The weather is finally warming up and you’re ready to hit the links. No more overtime in the office for you this spring, you’ve decided that by summertime you’re going to improve your game by at least 10 strokes. Tiger Woods: Watch out!

Before you grab your golf bag and head over to the driving range for a marathon of “spinal twister,” consider a little physical preparation, or spring-training, beforehand.

Golfers aren’t the only folks who are passionately addicted to their sport, and enthusiastically jumping in too quickly without necessary preparation. Baseball players, volleyball teams, and cycling participants are all eager to shake their hibernation skins, too. There is just something about that perfect temperature and bright sunshine that brings out the athlete in all of us. After all, what could be more invigorating than a brisk jog on a gorgeous Saturday morning or a game of tennis with a friend?

Whatever your recreational pick, it’s always best to give your body a few weeks of preparation to enhance performance, and more importantly, prevent injury. It is also wise to consult your physician before any sport or exercise program, especially if taking medication.

Before you start on your personal spring training program, keep in mind some of the details about your sport. Ask yourself these questions. Your answers will assist you in customizing your spring training routine.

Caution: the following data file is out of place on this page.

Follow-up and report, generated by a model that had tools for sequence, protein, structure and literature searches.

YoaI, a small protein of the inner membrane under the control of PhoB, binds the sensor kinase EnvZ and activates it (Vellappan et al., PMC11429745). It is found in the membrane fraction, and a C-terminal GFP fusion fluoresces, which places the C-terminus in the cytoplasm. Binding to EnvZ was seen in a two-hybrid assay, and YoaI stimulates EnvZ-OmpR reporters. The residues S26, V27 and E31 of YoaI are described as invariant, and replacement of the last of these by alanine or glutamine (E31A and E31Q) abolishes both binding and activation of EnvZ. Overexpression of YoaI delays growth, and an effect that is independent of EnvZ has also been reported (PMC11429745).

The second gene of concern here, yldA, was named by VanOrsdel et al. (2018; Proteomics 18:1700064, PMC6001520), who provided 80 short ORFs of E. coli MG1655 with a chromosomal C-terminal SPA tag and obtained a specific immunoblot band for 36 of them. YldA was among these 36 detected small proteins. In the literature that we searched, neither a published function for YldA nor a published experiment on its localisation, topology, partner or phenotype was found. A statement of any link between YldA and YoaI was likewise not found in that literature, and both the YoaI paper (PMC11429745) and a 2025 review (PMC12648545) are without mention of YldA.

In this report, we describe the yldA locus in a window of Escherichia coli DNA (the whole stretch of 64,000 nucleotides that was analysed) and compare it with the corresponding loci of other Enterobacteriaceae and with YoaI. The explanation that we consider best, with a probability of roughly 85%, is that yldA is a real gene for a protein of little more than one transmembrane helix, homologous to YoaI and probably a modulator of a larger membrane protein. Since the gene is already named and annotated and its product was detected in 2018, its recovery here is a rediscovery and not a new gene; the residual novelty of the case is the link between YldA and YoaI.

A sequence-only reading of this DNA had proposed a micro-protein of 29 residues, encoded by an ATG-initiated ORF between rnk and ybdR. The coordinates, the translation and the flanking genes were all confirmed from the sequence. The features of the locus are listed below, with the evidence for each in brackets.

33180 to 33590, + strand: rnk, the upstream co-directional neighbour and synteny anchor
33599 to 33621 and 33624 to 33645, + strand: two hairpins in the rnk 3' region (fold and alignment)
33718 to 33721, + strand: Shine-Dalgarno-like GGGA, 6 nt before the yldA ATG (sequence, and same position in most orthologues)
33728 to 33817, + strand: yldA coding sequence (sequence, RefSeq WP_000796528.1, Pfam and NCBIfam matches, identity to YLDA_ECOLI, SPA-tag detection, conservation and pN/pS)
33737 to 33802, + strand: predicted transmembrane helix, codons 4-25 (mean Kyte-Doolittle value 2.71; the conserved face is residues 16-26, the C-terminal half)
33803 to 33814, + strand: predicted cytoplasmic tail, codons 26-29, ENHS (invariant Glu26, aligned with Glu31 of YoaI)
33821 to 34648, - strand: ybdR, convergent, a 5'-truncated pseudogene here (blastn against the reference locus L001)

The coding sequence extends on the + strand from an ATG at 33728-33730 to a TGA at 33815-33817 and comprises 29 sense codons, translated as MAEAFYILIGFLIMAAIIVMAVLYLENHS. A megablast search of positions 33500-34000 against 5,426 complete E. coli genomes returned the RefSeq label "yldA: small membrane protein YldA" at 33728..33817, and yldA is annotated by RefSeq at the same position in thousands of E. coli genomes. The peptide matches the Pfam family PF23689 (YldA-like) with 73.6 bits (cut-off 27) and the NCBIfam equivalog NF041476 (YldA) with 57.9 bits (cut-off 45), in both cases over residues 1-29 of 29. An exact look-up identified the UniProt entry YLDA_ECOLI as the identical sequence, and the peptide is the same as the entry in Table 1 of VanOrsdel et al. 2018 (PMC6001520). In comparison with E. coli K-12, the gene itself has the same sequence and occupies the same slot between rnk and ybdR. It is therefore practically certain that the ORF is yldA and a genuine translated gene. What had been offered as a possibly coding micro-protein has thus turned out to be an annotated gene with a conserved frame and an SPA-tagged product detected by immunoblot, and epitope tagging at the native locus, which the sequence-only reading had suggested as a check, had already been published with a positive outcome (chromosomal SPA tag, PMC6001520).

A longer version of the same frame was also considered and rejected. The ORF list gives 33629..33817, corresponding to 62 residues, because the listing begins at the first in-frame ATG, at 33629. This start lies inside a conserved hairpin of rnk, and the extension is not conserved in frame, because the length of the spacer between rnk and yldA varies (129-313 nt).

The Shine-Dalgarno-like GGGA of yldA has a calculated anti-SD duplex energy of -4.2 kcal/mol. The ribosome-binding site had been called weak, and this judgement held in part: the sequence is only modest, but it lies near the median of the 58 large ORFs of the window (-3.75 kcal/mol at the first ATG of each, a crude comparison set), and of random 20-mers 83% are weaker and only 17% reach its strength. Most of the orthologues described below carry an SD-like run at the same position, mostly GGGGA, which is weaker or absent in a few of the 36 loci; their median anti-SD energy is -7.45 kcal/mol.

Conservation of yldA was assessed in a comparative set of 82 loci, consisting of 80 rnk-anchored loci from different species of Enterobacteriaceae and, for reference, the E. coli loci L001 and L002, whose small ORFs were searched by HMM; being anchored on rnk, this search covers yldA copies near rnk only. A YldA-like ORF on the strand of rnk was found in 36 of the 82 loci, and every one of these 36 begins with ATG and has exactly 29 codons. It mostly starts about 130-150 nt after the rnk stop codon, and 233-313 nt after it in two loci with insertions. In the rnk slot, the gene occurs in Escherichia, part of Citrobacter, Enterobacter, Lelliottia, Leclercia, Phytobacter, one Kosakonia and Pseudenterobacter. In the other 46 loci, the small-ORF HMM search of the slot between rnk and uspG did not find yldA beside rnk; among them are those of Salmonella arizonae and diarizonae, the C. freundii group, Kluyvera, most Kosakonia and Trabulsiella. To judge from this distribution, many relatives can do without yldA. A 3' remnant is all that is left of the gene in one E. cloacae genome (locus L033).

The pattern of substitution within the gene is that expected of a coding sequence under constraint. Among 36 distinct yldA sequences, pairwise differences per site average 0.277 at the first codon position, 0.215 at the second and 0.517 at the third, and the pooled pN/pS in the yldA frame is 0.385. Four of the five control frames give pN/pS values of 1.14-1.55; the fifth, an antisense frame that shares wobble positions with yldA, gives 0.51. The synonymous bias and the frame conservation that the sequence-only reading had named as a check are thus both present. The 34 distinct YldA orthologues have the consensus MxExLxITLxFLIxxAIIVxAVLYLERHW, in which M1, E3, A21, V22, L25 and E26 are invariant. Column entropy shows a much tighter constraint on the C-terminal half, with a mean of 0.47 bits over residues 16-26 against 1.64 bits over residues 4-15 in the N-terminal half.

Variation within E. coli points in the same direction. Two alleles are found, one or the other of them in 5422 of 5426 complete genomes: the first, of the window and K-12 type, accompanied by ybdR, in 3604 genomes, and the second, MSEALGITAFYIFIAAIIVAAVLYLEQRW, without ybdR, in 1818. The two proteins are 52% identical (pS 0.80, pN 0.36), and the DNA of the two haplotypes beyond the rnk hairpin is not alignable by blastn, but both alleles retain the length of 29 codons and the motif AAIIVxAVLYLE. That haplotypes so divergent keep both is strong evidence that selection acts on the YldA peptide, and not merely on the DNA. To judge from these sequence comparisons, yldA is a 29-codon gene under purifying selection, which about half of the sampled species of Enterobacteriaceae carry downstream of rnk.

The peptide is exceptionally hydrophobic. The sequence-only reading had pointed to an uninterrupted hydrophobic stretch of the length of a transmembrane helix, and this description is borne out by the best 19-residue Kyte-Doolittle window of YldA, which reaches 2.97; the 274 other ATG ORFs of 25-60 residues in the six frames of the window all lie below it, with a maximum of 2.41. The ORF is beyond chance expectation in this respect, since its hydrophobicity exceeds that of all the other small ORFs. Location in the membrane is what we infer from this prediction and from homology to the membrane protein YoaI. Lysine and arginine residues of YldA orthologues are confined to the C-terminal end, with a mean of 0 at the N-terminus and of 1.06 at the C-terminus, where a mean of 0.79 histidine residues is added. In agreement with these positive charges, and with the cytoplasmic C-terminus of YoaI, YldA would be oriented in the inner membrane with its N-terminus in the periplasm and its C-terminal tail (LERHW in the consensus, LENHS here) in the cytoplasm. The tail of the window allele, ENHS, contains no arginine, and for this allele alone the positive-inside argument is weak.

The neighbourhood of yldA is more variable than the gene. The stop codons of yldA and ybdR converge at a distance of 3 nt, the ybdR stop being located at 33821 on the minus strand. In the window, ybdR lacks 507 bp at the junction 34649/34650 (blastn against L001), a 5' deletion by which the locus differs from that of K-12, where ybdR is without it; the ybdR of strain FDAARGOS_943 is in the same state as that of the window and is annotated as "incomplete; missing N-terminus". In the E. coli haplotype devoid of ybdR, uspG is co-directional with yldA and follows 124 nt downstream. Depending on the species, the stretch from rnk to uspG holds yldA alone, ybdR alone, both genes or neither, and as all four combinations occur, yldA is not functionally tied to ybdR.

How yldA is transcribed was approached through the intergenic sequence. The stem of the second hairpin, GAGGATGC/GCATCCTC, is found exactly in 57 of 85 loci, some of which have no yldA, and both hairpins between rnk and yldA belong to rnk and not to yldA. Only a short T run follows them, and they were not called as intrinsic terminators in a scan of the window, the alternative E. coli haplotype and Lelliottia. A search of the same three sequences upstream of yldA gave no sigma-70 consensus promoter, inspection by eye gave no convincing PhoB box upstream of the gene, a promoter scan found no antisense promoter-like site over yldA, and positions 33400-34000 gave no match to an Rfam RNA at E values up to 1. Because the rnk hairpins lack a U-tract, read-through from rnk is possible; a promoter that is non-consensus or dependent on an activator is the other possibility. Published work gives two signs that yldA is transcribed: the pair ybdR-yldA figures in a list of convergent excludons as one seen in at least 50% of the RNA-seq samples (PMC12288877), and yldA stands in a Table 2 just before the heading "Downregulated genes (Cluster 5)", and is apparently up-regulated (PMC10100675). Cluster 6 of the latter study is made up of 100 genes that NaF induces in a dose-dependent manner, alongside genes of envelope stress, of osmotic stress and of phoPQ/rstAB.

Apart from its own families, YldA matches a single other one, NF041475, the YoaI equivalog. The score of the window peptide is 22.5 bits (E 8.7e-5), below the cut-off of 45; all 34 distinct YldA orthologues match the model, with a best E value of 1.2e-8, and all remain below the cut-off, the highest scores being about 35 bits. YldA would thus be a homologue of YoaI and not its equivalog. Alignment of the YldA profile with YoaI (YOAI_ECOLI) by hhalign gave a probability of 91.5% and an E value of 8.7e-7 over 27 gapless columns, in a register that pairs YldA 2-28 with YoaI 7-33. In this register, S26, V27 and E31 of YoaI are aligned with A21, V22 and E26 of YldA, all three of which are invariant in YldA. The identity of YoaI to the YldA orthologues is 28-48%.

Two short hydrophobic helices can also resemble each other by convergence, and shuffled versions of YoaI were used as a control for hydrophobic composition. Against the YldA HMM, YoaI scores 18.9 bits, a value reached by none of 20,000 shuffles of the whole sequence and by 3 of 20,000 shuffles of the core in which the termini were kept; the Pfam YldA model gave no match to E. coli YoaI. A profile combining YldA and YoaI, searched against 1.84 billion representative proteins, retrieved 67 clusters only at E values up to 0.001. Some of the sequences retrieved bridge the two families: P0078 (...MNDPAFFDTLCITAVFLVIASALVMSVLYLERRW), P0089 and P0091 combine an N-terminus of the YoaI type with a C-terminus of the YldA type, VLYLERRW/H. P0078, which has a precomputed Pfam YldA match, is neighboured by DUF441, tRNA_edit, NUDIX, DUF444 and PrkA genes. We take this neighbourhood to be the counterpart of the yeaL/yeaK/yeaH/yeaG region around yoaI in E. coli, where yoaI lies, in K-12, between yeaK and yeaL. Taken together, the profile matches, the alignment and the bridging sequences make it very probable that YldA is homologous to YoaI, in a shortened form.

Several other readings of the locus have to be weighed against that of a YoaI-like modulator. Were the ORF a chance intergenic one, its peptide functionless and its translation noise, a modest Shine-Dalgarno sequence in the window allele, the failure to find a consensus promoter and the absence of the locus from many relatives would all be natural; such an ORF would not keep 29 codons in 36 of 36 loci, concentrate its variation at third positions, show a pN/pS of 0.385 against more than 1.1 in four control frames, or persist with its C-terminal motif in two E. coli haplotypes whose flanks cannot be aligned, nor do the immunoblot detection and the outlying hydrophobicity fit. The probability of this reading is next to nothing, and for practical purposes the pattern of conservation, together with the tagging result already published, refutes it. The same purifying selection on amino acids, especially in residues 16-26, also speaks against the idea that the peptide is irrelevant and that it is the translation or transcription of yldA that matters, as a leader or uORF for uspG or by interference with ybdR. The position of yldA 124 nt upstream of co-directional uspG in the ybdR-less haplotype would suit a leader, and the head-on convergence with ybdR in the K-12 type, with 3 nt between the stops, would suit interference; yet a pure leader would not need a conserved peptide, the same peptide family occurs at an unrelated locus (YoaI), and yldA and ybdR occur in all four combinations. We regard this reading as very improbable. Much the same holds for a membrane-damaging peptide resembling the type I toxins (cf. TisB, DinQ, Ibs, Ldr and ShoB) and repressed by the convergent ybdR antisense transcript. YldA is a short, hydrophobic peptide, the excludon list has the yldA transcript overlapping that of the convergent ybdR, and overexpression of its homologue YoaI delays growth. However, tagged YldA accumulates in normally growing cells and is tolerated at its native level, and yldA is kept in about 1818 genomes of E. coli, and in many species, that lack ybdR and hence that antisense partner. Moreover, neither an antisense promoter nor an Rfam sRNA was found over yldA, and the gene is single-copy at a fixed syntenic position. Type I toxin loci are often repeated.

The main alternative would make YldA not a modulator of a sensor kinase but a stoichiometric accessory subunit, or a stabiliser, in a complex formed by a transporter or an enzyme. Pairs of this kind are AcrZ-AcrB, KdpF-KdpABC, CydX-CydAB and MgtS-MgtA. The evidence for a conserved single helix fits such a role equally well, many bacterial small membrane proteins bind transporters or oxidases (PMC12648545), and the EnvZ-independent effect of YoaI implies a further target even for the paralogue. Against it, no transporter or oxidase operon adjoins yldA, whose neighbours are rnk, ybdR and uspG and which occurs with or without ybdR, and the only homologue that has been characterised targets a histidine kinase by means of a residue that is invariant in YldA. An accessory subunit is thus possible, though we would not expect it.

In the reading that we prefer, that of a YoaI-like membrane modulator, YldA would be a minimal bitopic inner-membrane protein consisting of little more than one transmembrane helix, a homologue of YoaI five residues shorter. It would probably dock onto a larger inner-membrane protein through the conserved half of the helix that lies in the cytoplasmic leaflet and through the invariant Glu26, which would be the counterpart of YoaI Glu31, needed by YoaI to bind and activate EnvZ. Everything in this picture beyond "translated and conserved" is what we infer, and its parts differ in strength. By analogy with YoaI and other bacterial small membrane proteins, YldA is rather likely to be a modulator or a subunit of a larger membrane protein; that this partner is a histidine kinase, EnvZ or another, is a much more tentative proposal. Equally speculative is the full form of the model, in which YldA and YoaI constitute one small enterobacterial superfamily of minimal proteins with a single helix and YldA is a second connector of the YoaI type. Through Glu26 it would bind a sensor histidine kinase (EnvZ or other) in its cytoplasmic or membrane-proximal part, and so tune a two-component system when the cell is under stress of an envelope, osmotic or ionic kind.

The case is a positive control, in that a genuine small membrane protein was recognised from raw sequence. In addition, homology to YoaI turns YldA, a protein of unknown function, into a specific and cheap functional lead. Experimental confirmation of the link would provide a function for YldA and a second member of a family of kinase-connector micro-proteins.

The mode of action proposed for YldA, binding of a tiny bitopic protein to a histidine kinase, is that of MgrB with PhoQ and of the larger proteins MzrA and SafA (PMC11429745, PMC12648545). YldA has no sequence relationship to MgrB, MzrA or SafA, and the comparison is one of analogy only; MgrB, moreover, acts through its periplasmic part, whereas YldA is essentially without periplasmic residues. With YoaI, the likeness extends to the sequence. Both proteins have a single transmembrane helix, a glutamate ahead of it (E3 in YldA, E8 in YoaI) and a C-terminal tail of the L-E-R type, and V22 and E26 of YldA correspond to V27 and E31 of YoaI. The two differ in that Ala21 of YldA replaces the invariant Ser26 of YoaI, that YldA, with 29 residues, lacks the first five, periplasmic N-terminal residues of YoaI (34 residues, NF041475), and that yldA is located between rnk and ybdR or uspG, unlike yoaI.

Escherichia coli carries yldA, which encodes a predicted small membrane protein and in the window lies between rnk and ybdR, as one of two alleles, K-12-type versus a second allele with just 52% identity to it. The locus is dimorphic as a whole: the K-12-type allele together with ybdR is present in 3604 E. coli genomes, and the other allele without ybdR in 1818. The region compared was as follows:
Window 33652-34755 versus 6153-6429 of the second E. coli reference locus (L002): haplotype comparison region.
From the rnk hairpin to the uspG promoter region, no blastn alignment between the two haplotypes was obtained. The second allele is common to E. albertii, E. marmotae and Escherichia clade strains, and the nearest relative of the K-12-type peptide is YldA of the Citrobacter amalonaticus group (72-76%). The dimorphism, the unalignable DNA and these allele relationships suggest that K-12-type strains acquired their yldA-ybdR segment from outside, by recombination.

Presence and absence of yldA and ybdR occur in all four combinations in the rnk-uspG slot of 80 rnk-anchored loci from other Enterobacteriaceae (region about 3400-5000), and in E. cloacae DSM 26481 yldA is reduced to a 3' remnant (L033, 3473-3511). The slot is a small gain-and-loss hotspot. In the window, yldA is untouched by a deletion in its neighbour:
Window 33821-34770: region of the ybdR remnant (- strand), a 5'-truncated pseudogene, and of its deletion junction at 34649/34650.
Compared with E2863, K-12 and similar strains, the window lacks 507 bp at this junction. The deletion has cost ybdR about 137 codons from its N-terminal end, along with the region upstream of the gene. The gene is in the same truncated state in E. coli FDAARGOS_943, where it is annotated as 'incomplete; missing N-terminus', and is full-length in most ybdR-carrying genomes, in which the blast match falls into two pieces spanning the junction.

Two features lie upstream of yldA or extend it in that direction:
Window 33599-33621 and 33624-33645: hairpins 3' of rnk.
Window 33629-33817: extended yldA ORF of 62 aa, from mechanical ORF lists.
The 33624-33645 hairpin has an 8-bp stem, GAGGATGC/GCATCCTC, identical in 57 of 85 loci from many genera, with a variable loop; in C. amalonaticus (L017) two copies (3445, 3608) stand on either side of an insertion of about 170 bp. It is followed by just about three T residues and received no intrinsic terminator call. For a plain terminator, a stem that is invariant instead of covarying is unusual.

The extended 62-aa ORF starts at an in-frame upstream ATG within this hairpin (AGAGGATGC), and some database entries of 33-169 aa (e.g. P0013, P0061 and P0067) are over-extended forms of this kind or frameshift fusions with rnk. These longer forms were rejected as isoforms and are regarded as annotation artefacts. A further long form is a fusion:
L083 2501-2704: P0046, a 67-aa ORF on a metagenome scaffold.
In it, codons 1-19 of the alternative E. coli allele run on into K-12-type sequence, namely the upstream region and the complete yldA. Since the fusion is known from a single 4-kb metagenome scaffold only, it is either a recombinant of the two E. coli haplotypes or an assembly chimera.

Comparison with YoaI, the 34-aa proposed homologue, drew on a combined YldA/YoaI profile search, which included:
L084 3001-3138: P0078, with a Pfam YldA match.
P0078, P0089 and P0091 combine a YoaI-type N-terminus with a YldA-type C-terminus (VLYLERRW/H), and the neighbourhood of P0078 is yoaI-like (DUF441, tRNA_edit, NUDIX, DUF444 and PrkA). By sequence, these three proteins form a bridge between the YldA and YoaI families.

1. Does your sport require sustained energy over long periods of time, such as running and swimming?

If you answered yes, aerobic training (low to moderate intensity) is a necessity. Walking, jogging, swimming or biking all work your body aerobically. Knowing your target heart rate will have you training safely. Here’s a simple formula that you can use to find out where your zone is:

220 minus your age = ____________ (MHR: Maximum Heart Rate)

MHR x 65%= ____________ (low number)

MHR x 85%= ____________ (high number)

Exercise 10-15 minutes, 3 times per week with your heart rate between the low and high numbers found above. As you get more comfortable, increase your exercise duration to 30-50 minutes.